Opponents of the West Coyote Hills development who wanted more open space and parklands just got their wish!
The Orange County Register’s Michael Mello reported today that the OCTA has purchased 300 acres in
to be preserved as open space. North Orange County
With an overall price tag of $2.96-million it works out to be just under $10,000 an acre making the
open space is significantly cheaper than West Coyote Hills. Carbon Canyon
Although this should end the calls for more parks and open space, the no-growth crowd will likely continue to pond their fists. For this minority group, the 120-plus parks north of the 91-Freeway (http://gregsebourn.blogspot.com/2011/04/observers-love-affair-with-chevron-love.html) and the addition of 300 acres just aren’t enough.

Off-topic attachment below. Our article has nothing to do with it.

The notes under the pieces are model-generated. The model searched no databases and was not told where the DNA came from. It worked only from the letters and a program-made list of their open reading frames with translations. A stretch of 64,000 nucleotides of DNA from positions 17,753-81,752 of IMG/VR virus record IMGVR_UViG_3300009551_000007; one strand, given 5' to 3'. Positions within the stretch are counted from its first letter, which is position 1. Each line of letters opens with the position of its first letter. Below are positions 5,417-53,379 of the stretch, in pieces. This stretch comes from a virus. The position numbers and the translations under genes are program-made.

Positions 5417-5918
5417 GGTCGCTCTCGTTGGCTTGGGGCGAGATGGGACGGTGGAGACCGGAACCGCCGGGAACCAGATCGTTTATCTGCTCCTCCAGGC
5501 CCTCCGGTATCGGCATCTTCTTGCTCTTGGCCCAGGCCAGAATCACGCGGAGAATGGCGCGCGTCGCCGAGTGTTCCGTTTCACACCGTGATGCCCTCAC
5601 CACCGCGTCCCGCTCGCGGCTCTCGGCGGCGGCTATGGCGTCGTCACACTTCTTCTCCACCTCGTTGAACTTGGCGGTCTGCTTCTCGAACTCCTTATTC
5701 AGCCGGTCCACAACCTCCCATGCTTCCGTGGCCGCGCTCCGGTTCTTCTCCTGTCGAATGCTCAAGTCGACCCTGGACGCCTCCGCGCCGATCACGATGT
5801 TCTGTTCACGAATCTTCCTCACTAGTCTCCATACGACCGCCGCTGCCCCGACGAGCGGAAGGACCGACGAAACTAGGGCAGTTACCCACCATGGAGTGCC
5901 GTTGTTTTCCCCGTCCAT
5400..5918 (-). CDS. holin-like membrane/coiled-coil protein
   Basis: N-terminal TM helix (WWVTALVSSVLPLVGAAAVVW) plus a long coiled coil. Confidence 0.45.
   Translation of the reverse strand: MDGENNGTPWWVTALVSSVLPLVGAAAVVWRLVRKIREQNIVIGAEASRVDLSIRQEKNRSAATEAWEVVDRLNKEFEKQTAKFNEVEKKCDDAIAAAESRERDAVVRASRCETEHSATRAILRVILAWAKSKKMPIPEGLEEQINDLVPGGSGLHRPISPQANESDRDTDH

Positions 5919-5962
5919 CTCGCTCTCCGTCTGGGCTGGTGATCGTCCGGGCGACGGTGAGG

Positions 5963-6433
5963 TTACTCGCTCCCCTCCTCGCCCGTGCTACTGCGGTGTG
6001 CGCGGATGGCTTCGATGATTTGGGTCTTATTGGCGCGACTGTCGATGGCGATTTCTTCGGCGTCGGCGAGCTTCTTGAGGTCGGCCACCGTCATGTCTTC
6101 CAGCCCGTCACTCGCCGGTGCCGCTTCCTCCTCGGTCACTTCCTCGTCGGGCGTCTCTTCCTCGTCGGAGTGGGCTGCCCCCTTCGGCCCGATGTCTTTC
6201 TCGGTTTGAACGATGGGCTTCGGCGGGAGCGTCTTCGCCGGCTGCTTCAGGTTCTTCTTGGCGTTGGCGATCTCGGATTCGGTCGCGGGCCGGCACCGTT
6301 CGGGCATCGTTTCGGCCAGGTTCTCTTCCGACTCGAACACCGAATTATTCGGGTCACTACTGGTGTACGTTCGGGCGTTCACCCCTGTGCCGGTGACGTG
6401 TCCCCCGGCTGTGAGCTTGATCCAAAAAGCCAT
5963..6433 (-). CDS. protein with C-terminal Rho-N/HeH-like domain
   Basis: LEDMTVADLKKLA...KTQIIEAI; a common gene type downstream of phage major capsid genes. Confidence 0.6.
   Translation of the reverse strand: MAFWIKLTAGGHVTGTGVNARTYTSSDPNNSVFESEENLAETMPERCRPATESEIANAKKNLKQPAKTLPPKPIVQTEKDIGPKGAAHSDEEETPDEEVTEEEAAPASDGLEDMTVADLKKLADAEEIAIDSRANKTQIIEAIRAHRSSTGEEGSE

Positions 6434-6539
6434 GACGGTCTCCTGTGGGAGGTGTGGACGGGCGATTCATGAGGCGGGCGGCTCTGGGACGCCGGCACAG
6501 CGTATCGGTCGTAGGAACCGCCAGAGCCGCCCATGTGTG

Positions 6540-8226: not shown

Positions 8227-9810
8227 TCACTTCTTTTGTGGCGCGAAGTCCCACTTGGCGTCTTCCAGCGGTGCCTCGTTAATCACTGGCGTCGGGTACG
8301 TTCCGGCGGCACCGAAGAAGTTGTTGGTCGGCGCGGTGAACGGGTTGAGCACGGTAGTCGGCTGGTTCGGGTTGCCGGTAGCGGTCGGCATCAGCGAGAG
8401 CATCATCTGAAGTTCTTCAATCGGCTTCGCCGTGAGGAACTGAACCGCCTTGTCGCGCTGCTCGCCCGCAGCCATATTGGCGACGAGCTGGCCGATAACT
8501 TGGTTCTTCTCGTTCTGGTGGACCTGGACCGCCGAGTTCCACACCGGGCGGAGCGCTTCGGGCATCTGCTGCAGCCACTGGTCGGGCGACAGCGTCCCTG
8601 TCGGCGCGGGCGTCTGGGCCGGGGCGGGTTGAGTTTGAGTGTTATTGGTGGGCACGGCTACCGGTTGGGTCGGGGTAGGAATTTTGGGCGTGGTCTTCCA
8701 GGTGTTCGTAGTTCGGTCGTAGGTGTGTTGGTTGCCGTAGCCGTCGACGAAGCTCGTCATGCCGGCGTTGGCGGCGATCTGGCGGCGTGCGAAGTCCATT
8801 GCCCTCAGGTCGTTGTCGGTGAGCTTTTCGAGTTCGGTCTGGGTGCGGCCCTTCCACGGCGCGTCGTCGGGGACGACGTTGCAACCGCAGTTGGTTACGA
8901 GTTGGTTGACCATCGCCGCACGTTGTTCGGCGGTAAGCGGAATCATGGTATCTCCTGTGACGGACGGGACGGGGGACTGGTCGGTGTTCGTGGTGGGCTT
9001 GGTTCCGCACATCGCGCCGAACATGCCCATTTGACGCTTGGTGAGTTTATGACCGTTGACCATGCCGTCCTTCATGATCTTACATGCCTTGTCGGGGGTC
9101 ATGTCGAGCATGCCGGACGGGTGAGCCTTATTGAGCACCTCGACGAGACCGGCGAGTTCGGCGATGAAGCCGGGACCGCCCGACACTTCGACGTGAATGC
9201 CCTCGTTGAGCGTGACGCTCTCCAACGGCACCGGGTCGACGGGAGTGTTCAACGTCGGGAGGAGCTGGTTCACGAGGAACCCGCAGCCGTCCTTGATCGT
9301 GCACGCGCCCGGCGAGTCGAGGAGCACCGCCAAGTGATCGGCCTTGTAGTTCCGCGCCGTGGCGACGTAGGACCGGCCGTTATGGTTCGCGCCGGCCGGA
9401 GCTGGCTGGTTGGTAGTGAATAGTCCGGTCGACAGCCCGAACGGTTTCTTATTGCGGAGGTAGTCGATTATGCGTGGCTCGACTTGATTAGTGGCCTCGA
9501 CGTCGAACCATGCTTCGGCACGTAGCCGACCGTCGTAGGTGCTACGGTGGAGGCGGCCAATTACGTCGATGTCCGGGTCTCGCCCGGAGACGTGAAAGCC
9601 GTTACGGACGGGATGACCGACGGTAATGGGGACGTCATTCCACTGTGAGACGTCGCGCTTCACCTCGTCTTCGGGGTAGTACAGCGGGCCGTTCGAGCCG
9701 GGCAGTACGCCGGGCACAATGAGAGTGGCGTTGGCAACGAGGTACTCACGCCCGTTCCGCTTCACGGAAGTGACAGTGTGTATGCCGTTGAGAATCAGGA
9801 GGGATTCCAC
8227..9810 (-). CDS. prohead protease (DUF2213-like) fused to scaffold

“Former owner Leo Hayashi had planned to build up to 300 homes on his acreage. However, the city said he could safely build less than half that number because of the area's steep slopes created by the grass-covered canyons and ridges.”
“The money comes from Measure M, a half-cent sales tax extended by
voters in 2006 to fund transportation improvements. A portion of the funds would go toward making up for habitat damage from road improvements and other projects. Orange County
, a 2005 estimate showed that as much as $243 million could be used over 30 years to restore or acquire wild habitat. About $40 million has been approved to buy property this year, Scheper said.” Orange County
To put the scope and magnitude of the Pacific Coast Homes development into perspective, the 760-home development could be worth as much as $350-million even after all of the public dedications are made.